In this clip, learn how to flip your boat back over in an emergency situation. RIGHT A FLIPPED RAFT: If your raft is flipped, get back on it, then use an oar (or your hands) to grab one side. Slide your weight back to one edge of the uprighted raft, lifting the other off the water, and ultimately pulling it (upright) back on top of you. Then vault yourself back into the righted raft. Ideally, you can flip over, find the boat, climb on, right it, and climb back in, within 20 seconds. It’s an exercise any raft owner should practice often, starting on flat water, of course. Field & Stream Online Editors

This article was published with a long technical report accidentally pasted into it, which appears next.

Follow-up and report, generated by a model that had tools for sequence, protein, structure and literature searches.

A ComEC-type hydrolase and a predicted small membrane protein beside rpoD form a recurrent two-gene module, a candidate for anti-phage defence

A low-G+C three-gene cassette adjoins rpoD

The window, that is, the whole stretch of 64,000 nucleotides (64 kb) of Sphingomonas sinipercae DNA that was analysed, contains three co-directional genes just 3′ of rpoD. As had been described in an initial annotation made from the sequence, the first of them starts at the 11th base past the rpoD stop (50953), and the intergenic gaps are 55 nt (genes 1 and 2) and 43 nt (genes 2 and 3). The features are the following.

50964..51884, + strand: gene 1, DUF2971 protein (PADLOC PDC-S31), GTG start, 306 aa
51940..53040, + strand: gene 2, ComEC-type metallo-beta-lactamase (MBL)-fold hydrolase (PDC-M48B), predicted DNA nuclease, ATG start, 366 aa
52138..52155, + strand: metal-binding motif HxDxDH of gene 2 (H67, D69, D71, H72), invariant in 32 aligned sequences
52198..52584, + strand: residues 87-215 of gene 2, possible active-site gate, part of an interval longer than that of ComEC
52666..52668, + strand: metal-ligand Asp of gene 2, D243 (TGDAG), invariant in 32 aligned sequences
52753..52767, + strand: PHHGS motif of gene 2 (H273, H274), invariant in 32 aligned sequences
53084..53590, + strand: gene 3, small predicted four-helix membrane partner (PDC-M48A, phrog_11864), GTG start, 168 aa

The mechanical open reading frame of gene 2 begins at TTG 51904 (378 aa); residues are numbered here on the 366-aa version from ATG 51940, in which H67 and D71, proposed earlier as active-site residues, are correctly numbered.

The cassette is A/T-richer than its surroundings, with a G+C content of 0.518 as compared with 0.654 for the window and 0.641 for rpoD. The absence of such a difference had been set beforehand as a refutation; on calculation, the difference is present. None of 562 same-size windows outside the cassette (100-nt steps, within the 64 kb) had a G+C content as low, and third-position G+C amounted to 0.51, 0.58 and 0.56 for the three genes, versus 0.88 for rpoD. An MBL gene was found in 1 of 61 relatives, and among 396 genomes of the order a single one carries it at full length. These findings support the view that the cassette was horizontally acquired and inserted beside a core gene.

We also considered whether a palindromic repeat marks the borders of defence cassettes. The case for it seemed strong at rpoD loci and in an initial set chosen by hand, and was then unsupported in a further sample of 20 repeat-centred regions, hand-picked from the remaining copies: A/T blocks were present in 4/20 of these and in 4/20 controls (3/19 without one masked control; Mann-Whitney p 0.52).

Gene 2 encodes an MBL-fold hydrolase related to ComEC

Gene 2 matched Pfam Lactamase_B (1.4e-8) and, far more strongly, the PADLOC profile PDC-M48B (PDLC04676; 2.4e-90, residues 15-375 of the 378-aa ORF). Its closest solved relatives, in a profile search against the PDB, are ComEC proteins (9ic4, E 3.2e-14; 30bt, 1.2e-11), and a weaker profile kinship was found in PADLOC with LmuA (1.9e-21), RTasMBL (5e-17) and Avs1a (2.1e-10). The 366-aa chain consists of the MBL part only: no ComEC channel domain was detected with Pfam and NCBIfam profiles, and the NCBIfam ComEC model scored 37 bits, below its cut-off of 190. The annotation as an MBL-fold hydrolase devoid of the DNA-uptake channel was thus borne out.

The number one mistake most would-be rescuers make when rigging a line across a river is to tie it off at a 90-degree, angle, perpendicular to the current. This is a trap that can easily snap the arms or wrists of both victims and rescuers. A rescue line should be tied at a 45-degree angle from downstream to upstream. That way, once a victim grabs on, if the bottom is released, the victim floats easily to the shore where the upstream line is anchored. If you grab a loose line, or if the rescue line is released downstream, simply pass the rope across your body toward the middle of the river, and the force of the current will push you gently to shore. Tim Romano